by today's Urban Chameleon contributor
I am so sick and tired of going to see a Black film out of charity. Every time a Black film is released the word “support” is not far behind, and George Lucas’s latest project featuring an all Black cast, Red Tails is no exception. Black people everywhere were dumb founded that Mr. Star Wars himself could not get Hollywood on board to make his $(93) ninety-three million dollar film; a story about the Tuskegee Airmen. Thus the campaign tagline for Red Tails was solidified, “Support This Black Film!”
The media roll out plan was perfect; as the exposed plight of Lucas’ fired people up to get their “activism” on by posting articles, Facebook Status Updates and Tweets reiterating the importance of “supporting” this Black film. The results lead to a successful $(20) twenty-million dollar opening weekend. It almost felt like there was more patriotism displayed for Lucas than there was for Troy Davis. Regardless, we did it! We showed Hollywood, and therefore can expect more films about the Black experience coming soon to a theater near you. Right? Wrong!
Do you know how many Black films have done “surprisingly” well over the last twenty years at less than a fraction of the cost of Red Tails? Are we not still having the same damn conversations about Hollywood not making Black films? Let alone ones that are diverse? (See article: All We Do is Eat, Fight, F*ck, Dance and Pray.) Is Hollywood all of a sudden going to start churning out $(100) one-hundred million dollar Black pictures?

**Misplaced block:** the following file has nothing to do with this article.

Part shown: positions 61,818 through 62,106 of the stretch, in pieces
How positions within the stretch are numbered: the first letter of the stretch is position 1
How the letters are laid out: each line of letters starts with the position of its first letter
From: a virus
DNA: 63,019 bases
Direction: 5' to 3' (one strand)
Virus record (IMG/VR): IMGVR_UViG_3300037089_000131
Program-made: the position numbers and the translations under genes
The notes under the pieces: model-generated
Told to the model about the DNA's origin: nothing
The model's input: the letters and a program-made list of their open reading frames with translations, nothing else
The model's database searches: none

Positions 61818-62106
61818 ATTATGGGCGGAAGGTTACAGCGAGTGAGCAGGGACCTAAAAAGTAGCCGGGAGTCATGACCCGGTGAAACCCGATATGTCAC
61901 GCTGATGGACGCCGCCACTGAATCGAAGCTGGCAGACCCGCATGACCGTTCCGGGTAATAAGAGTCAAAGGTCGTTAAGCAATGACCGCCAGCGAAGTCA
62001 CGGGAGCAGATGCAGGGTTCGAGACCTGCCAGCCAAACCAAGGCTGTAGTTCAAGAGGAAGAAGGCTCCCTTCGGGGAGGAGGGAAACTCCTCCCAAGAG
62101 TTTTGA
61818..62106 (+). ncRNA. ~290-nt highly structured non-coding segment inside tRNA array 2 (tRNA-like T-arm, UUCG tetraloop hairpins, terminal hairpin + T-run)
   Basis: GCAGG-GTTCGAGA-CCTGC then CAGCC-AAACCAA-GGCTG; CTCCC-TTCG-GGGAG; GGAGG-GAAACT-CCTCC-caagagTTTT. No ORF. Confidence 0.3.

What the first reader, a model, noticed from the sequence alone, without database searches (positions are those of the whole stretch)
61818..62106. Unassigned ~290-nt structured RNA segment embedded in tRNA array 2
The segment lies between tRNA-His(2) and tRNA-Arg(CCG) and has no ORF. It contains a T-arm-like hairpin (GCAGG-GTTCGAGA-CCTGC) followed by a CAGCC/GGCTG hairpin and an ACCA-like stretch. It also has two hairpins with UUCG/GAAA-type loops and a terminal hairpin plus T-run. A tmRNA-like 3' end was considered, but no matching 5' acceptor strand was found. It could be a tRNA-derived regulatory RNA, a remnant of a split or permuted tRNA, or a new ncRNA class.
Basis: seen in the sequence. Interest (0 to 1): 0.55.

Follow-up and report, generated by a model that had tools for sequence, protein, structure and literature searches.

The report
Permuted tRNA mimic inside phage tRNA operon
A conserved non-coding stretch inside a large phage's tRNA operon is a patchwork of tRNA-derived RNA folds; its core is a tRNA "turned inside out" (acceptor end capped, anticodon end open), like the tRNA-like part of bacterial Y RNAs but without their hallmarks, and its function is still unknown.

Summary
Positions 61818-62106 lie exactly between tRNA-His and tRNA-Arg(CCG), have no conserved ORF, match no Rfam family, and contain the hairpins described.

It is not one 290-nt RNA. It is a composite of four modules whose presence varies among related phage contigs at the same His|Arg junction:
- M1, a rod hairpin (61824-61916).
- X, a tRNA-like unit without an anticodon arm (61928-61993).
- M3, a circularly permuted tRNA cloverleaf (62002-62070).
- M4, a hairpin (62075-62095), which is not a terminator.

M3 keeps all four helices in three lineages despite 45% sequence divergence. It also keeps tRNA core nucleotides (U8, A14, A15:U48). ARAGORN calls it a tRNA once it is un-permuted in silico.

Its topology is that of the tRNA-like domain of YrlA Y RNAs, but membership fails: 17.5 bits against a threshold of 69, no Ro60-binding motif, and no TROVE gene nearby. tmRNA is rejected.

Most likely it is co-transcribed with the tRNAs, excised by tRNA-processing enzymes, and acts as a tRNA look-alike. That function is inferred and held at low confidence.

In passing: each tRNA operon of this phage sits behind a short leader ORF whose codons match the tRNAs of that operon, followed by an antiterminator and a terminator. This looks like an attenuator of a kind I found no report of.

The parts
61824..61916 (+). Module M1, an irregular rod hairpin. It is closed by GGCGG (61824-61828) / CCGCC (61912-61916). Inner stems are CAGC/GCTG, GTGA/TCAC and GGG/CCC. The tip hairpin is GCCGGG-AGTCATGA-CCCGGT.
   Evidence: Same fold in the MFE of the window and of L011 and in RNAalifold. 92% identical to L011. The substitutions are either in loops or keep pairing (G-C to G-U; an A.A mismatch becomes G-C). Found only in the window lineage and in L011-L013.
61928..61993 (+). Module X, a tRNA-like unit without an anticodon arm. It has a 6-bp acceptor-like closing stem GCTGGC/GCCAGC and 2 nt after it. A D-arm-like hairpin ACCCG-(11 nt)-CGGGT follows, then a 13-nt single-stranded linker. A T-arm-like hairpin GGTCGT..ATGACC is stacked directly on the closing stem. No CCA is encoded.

I don’t think so.
Spike Lee can’t even get 40 acres and a mule. Hate to burst the bubble, but Hollywood is predominately ran by white men who don’t understand Black people; even though they swear they do. In pitch meetings, Hollywood executives are quick to state why a Black film won’t do well (welcome to the pity party Lucas) and include statistics about the ones that have failed. Even though these statistics are smaller than a pubic hair compared to the number of white films that fail year after year. The reality is, “Black” cannot possibly represent a universal experience and Hollywood won’t invest. Instead of continuing to knock on the same door that doesn't want to let you in, build a new house. With all the technology at our finger tips why not start investing in new distribution models and tell Hollywood to kiss your Black ass!
So why did I end up seeing Red Tails if it wasn’t to send a message to Hollywood? One word, GUILT. All the Facebook updates had me feeling like I was a sell out, Anti-Black, if I didn’t see it opening weekend and support an important story about Black History. There was just one problem...Red Tails has no story, at least not the one that their PR team is pimping. I walked away with no real understanding of who the Tuskegee Airmen were and what made them exceptional. It’s not enough to show scenes where a white man either calls or treats the Black man like a nigger to validate storytelling. In fact, there was more of an emphasis on the Tuskegee Airmen blowing up the enemy than there was on a fight for equality.
At the end of the day, I knew from the moment I first saw the trailer that this wasn’t a film I wanted to see. Regardless if you agree or not, shouldn't I have that freedom of choice?
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